I got a bit of a hint on Saturday evening when my partner and I watched two movies in a row. I didn't even feel I had the mental capacity for a complex narrative, so we watched an action film and then we watched Conan O'Brien's documentary about his post-NBC-firing stand-up show. As I am an early-to-bed-early-to-riser I didn't really know much about the Leno-Coco debacle, so I went into watching the film with what began as cool detachment. Cool detachment quickly changed to concern and frustration: O'Brian appeared stressed, angry, high-strung, and exhausted. But what bothered me most was not his increasingly dark circles, what bothered me was that he was getting it done. Clearly the emotional toll of being fired as well as the emotional and physical toll of performing were getting to him, but ultimately he was killing it. The show was good.

I didn't get to see how the documentary ended because the DVD we had was scratched. He had just been asked what he would do if he didn't have his work. I didn't get to hear his answer because the screen froze on close-up on O'Brien's face: tired, frantic, and, as he'd said a number of times in the documentary, unable to stop.

Now I'm no fool, I'm not Conan O'Brien, and while there might be some similarities to be drawn, my classes are not really anything like late night television. I'm struck though by the ways in which I feel like that frantic, frenetic version of O'Brien that makes up the majority of the documentary: unable to stop because stopping means the unknown. Stopping means dealing with all the other parts of life that have been put on hold to get the job done. Friends, that is a scary thought.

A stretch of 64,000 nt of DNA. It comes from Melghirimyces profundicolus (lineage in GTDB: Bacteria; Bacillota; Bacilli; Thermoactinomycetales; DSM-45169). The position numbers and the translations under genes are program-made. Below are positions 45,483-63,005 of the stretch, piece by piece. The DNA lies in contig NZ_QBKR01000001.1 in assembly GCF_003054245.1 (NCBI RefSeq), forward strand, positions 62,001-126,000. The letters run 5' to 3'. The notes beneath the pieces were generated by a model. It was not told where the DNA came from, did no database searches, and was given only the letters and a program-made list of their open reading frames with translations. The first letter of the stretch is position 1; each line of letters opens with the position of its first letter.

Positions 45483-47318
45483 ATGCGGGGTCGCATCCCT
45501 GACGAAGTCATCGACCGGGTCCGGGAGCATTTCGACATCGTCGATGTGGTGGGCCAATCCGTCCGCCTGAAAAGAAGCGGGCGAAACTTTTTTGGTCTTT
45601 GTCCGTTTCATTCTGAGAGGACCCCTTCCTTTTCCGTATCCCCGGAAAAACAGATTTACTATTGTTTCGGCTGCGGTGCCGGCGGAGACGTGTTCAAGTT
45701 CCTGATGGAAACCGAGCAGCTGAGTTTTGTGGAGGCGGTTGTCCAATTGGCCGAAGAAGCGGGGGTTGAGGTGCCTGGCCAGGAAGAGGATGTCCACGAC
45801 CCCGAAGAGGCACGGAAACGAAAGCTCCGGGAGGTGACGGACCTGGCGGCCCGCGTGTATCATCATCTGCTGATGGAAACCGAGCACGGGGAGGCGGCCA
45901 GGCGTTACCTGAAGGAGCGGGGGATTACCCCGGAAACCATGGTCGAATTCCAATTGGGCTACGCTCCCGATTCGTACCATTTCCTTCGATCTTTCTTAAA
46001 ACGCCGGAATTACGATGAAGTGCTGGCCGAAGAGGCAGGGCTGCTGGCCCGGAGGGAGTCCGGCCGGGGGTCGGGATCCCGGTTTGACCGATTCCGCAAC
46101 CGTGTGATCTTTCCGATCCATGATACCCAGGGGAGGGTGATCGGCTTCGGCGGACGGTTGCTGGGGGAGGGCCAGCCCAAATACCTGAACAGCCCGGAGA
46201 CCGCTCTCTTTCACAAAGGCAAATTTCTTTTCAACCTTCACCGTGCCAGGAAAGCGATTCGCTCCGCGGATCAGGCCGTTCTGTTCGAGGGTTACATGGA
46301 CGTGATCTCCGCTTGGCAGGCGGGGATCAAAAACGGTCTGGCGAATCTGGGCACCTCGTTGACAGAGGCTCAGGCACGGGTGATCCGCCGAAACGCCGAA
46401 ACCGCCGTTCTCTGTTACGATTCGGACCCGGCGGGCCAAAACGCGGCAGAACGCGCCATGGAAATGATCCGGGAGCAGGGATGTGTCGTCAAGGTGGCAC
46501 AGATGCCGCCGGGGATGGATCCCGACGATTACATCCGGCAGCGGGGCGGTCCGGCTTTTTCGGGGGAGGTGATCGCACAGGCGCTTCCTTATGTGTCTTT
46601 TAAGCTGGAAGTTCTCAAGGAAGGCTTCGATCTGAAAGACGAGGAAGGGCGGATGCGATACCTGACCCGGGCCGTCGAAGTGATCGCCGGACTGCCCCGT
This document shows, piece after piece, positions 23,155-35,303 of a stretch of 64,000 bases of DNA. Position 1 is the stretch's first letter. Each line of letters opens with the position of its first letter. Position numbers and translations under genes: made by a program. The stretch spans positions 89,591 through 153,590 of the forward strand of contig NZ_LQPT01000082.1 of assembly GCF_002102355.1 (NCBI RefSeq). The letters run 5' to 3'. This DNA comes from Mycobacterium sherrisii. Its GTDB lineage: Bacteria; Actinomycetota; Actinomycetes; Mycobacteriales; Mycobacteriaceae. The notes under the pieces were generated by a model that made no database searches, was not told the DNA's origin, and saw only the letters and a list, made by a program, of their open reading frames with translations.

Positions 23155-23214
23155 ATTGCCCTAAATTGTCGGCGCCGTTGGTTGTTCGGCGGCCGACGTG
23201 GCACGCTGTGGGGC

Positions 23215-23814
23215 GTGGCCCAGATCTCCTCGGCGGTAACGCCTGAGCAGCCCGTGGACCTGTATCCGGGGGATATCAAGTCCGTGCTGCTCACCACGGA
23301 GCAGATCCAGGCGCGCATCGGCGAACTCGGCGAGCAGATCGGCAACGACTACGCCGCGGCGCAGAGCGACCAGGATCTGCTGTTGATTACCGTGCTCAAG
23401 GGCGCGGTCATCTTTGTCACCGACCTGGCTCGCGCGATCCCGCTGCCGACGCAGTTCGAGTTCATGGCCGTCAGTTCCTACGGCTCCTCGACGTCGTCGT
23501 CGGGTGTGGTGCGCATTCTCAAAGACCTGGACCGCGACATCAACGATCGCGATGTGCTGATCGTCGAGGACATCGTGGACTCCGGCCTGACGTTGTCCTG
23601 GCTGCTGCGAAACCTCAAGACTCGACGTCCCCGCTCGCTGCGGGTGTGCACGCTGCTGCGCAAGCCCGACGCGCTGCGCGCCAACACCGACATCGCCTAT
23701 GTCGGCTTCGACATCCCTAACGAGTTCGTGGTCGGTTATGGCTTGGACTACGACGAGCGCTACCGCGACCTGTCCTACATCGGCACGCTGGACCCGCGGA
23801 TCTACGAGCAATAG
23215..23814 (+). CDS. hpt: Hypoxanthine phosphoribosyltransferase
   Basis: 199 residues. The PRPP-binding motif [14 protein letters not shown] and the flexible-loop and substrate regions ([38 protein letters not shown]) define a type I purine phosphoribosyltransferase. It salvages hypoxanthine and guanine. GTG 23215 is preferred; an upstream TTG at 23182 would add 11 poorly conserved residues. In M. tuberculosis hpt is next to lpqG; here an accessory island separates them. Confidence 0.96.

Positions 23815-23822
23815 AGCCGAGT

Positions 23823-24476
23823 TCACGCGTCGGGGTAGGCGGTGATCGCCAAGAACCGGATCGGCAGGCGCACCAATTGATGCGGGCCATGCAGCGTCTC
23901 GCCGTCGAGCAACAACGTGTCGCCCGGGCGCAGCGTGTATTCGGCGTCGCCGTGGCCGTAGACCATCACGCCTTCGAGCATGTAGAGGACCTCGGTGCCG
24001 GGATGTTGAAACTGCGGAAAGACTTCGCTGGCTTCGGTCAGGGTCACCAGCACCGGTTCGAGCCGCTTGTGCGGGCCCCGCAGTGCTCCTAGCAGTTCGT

I offer this little confessional not (only) as navel-gazing wallowing, but rather as a conversation opener: how do your recover from an emotionally and physically exhausting term without completely shutting down?






5 comments:

  1. Let me know when you find out the answer! I don't have semesters right now, but my RA work, writing, and conference prep, PhD applications, grant applications, and everything else took a toll on me. I'm afraid to stop because I have too many obligations now, too many commitments, and too much to lose. I'm also terrified to stop and do anything else :p eep taxes!